CAMBRIDGE, England, April 13 (UPI) -- New research suggests we still aren't a true meritocracy. According a new study, a graduate's socioeconomic background has a measurable effect on salary just out of college.
Scientists at Cambridge University and Harvard University looked at the relationships among the earnings of recent grads and their background, degree and university.
Not surprisingly, those who earned degrees in medicine and economics tended to make significantly more money than those with other degrees. And students with degrees from more highly regarded higher learning institutions earned more on average than those with less prestigious degrees.
But if the goal is a higher paycheck, the new study proves it helps to have wealthy parents.
All things being equal -- same degree, same institution -- students whose parents are in the upper income brackets tend to earn a higher salary ten years out of college than do their less wealthy peers.
The researchers analyzed anonymous tax records and student loan records for 260,000 students who began university between 1998 and 2011, observing their earnings for up to ten years. The study looks specifically at tax year 2012-13.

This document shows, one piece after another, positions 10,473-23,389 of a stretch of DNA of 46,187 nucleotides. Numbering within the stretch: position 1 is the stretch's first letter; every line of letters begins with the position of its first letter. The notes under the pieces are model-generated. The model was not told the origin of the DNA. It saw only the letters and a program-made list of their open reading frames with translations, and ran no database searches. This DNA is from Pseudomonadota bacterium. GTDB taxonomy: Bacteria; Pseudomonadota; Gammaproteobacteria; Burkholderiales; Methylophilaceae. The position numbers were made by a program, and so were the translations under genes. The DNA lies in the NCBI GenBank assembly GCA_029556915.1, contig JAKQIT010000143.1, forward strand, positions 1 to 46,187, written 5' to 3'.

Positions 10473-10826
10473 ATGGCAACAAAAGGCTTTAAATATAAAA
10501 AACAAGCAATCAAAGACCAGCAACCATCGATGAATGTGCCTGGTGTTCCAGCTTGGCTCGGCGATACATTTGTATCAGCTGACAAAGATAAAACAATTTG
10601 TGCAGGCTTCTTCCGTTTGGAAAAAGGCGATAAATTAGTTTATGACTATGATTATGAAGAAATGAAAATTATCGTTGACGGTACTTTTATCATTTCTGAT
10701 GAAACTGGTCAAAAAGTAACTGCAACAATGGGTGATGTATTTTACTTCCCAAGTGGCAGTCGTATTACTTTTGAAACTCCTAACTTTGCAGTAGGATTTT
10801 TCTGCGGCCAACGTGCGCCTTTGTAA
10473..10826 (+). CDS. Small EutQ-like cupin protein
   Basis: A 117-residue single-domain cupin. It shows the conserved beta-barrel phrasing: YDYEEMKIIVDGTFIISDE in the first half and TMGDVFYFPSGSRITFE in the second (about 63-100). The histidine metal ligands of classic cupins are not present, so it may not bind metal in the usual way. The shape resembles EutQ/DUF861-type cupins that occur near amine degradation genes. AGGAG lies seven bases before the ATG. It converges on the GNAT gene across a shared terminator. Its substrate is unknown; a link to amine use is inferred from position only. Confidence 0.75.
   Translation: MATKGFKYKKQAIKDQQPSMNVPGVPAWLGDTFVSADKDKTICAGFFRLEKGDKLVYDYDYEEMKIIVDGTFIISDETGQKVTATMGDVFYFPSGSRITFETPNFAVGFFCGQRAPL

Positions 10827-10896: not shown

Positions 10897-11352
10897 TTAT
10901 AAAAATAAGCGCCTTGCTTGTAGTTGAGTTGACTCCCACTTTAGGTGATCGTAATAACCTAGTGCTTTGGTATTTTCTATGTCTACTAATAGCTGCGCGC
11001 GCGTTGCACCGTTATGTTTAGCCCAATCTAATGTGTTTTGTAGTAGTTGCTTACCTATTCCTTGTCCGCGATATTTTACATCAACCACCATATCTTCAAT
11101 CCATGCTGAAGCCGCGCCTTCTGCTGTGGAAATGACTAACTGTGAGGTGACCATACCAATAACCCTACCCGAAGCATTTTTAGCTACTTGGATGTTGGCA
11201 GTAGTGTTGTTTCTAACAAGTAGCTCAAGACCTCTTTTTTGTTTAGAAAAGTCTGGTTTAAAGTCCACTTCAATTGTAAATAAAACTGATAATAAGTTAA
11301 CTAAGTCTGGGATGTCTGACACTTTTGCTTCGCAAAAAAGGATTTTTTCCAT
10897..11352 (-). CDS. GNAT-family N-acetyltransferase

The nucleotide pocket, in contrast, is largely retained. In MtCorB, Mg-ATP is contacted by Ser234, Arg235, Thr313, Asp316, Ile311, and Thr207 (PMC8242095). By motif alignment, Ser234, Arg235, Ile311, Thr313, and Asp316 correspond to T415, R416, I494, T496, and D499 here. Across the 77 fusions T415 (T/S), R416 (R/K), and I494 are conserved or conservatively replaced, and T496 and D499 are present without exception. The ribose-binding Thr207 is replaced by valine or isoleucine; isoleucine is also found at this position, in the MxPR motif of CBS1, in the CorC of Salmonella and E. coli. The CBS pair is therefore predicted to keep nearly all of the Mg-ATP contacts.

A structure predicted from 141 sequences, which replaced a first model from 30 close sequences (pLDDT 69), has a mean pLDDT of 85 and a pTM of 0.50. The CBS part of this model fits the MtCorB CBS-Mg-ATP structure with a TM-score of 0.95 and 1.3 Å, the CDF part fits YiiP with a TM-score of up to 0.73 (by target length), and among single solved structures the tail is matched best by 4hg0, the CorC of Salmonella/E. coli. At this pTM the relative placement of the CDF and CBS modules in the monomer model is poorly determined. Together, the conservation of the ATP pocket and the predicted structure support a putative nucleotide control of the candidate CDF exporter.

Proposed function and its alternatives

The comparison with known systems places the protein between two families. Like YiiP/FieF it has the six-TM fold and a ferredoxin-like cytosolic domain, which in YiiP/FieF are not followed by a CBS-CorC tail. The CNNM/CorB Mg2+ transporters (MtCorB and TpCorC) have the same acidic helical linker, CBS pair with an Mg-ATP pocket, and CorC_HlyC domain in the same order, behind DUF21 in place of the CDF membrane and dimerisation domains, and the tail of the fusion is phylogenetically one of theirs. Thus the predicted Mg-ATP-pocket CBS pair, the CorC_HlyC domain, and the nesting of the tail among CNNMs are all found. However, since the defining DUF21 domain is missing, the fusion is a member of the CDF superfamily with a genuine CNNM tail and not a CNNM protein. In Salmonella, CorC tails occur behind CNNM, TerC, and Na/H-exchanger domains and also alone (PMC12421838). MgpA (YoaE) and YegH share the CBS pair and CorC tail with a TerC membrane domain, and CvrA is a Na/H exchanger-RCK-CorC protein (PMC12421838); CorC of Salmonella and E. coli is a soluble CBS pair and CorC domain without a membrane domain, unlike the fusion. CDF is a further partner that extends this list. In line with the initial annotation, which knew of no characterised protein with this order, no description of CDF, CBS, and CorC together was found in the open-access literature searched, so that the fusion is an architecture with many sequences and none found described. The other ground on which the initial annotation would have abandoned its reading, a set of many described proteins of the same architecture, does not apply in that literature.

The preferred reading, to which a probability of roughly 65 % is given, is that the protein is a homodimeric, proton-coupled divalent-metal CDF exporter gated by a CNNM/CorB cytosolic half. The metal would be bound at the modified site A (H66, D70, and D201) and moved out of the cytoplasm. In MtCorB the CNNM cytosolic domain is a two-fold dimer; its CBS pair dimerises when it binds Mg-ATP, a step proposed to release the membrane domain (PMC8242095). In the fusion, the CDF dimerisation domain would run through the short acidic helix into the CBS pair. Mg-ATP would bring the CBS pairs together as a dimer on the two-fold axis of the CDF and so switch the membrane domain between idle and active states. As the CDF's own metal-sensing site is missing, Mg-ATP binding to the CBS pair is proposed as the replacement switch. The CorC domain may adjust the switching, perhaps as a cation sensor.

Researchers defined wealthy students as those with parents earning in the top 20 percent. The bottom 80 percent were defined as the less fortunate.
Ten years after graduation, men from families in the top 20 percent were earning $11,000 per year more than those from the bottom 80 percent. For women, the gap was $7,500.
"The research illustrates strongly that for most graduates higher, education leads to much better earnings than those earned by non-graduates, although students need to realise that their subject choice is important in determining how much of an earnings advantage they will have," lead researcher Anna Vignoles, from Cambridge's Faculty of Education, said in a news release.
Vignoles and her colleagues plan to build on the study to better understand how education policies, funding and course advisors might be able to shrink the earnings gap between high-income and low-income students.
The study was published this week by Institute for Fiscal Studies.